The purpose behind “Why” has been at the forefront of nearly every creative and evolutionary human endeavour since the beginning of human existence. Why enables us to question the status quo and further existing boundaries. The mystery of why has also been at the forefront of our greatest revelations and naturally beseeches interest, curiosity and investigation.
In the business world you would think the conversation would tone-down somewhat. I mean we’re not uncovering the nature of the universe here, nor pioneering the development of warp speed interstellar flight. We are in essence for the most part, opportunistic Industry leaders who see possibilities in securing supply for demand.
Organisation’s that continue to solidify a foothold in their operating markets have a distinctive difference compared to ones entering chapter 11. This difference was generally originated at inception and has carried through to its workforce and customers over the course of company growth without a great deal of waver.
These organisations understand why they do what they do. Try asking yourself why your company does what it does. Not an easy answer for most. Now ask yourself if your staff and peers understand and appreciate why they do what they do. Keep in mind this is not about profit, remuneration or lifestyle. This is about personal purpose and industry direction.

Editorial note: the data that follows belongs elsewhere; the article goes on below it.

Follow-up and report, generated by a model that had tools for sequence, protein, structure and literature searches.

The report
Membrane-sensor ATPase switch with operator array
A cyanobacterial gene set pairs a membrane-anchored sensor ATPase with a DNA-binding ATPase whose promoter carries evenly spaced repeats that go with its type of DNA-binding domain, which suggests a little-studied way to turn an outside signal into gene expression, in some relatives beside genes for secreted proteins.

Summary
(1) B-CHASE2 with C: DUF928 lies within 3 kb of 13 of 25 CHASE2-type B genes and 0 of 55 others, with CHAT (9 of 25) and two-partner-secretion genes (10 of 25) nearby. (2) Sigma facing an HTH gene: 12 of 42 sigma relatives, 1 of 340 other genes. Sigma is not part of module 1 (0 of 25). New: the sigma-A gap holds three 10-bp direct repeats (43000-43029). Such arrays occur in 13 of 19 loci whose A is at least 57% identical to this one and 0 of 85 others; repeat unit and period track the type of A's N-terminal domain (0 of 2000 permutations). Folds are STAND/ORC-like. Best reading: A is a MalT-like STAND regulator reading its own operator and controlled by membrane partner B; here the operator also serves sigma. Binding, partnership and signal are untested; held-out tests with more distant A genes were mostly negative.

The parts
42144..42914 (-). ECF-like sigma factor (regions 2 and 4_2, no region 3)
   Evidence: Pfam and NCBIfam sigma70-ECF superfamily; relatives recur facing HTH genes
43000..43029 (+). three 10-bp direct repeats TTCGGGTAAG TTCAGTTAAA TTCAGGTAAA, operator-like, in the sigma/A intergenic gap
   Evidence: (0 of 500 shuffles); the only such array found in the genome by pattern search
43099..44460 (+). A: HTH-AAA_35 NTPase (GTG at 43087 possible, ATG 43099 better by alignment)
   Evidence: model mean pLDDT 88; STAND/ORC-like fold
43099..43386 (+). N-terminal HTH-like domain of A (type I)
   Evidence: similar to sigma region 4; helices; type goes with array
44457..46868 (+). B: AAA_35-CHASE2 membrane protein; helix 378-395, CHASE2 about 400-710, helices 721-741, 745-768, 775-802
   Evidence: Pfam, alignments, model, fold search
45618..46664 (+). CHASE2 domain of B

Understanding the purpose of why you do what you do should be at the forefront of all learning principals a company bestows on employees. It then should flow on as your USP to your customers. When employees and customers understand why you do what you do, it tends to form an immediate understanding and loyalty-link to keep working hard and buying from a specific team or organisation.
Occasionally, management may need a shift in culture or to re-think Its strategic industry position to bring back fundamental principals the company was founded on. This brings the thinking back to understanding and appreciating why it does what it does.
Spending large amounts of internal and external resources coaching or training staff is a step in the right direction. However, if staff doesn’t understand why they do what they do, eventually the training will wear thin and cracks will begin to appear. These cracks come in the form of disgruntled and unappreciated employees, unmotivated managers, missed opportunities, and reduced job satisfaction. All ingredients for poor service.
The fundamental principal that keeps your compass facing true north is a belief and understanding to why you do what you do.
When this is clear, industry purpose and informed decisions flow into a greater understanding.